SF Archbishop: Catholic Politicians Who Support Abortion Must Not Receive Communion

Michael W. Chapman | May 3, 2021 | 1:35pm EDT
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Salvatore J. Cordileone, head of the archdiocese of San Francisco.
Salvatore J. Cordileone, head of the archdiocese of San Francisco.

(CNS News) -- In a May 1 pastoral letter on the moral evil of abortion, Archbishop Salvatore J. Cordileone of San Francisco explains why Catholic politicians (and other public Catholics) who support abortion must not receive Holy Communion and why they must stop pretending that advocating for abortion is compatible with the Catholic faith.

"It is not," says Cordelione, who adds that those who back abortion are aiding "effectively, a genocide against the unborn."

In his 17-page letter, "Before I Formed You in the Womb I Knew You," Archbishop Cordileone does not name Catholic politicians or other public figures who support abortion, such as President Joe Biden or House Speaker Nancy Pelosi.  However, in June, the U.S. Conference of Catholic Bishops will have a vote "on the topic of Communion," whether to draft a document on the topic,  according to USCCB spokeswoman Chieko Noguchi

(Getty Images)
(Getty Images)

"[T]hose who reject the teaching of the Church on the sanctity of human life and those who do not seek to live in accordance with that teaching should not receive the Eucharist," states the archbishop in his letter.  "We all fall short in various ways, but there is a great difference between struggling to live according to the teachings of the Church and rejecting those teachings."

"In the case of public figures who profess to be Catholic and promote abortion, we are not dealing with a sin committed in human weakness or a moral lapse: this is a matter of persistent, obdurate, and public rejection of Catholic teaching," writes Cordileone. "This adds an even greater responsibility to the role of the Church’s pastors in caring for the salvation of souls."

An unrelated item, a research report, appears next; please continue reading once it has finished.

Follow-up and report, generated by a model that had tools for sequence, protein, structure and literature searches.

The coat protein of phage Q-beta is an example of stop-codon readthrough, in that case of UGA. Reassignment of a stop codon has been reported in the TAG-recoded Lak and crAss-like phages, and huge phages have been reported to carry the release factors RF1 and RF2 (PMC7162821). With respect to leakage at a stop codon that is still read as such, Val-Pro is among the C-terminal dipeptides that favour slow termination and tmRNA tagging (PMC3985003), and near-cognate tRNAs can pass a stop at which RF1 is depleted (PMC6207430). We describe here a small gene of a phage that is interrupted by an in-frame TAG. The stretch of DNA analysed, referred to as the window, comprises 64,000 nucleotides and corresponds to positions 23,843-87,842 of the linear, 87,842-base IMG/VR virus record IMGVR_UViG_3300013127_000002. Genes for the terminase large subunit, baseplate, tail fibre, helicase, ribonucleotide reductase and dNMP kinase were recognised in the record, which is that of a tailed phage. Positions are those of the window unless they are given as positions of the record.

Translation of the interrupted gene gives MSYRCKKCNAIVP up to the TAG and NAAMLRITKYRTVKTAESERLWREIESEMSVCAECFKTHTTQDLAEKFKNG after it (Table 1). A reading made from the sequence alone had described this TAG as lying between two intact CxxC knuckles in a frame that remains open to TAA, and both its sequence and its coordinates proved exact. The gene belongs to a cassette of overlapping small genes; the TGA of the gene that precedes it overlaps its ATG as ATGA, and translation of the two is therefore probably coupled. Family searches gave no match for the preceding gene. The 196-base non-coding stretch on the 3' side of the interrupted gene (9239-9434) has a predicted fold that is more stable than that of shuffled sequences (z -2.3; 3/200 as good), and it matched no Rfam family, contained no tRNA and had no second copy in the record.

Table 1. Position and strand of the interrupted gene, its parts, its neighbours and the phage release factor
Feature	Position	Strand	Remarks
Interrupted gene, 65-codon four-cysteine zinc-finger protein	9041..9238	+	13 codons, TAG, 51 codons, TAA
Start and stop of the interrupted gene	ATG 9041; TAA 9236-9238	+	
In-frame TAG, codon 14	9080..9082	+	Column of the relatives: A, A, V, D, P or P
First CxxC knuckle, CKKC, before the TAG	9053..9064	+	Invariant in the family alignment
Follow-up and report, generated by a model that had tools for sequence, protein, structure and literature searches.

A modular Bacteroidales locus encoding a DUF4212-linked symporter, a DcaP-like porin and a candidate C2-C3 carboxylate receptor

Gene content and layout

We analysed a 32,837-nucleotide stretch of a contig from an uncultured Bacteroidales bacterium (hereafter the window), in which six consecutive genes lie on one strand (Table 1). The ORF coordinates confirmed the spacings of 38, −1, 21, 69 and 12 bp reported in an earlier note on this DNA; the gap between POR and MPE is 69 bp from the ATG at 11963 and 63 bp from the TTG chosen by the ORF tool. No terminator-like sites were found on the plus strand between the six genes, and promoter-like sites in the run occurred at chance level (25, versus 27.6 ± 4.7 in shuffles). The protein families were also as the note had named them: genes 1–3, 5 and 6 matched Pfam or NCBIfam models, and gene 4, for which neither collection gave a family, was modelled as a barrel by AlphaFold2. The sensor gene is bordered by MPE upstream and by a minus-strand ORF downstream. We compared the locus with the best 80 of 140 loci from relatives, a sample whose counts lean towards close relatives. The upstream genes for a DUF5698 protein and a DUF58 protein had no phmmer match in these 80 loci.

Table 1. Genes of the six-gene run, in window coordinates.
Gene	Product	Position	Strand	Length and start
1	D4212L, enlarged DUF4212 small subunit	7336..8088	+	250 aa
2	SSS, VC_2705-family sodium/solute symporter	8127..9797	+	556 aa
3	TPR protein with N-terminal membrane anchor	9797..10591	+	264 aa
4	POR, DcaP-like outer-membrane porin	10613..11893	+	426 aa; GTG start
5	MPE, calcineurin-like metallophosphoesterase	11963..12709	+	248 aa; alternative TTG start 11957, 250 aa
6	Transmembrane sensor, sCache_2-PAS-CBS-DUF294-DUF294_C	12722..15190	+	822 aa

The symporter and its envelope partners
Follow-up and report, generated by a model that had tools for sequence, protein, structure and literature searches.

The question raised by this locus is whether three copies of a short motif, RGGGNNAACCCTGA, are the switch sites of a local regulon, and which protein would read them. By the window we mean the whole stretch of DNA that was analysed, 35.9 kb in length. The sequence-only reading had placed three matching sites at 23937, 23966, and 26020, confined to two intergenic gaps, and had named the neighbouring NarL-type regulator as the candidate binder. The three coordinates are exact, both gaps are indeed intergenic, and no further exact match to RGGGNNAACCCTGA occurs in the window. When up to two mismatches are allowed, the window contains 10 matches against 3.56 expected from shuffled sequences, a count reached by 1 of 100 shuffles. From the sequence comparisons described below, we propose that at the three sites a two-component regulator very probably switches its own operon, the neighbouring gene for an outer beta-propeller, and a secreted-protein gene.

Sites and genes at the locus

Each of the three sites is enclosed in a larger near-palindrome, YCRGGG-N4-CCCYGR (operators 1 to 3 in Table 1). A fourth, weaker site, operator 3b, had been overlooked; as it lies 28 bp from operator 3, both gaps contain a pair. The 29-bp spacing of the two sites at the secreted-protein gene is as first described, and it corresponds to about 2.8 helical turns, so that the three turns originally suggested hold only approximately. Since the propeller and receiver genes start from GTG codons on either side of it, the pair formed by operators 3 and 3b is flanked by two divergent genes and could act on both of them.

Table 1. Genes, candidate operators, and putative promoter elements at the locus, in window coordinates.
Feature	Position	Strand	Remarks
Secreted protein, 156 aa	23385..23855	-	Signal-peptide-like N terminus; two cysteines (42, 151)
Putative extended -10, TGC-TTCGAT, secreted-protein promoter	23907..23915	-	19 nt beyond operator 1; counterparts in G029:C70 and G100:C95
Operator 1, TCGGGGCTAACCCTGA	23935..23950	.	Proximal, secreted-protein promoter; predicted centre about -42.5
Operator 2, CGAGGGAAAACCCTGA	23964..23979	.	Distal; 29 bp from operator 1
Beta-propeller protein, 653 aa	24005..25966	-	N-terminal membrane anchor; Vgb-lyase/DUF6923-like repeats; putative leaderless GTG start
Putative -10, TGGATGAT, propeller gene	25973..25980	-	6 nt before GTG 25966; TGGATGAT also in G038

"... With regard to Catholics in public life who participate in abortion or seek to advance it through legislation or advocacy, precisely because these are actions of which many people are aware it introduces another consideration: scandal," he writes. 

(In the above video, Dr. Anthony Levatino testifies before Congress about his former abortion practice. Dr. Levatino is cited by Archbishop Cordileone in his letter.)

The Catholic Church defines scandal as "an attitude or behavior which leads another to do evil."

The archbishop continues, "Prominent figures in society help to shape the mores of that society, and in our culture their advocacy of abortion definitely leads others to do evil. This must be stated with clarity: anyone who actively works to promote abortion shares some of the guilt for the abortions performed because of their actions." (Emphasis added.)

For the bishops and priests who are responsible for teaching the truth and helping people to save their souls, they have an obligation, a duty, to correct those Catholics who support abortion. 

Archbishop Cordileone explains that with a pro-abortion Catholic politician, a bishop (or priest) must first speak to that person in private to try to persuade him of the truth.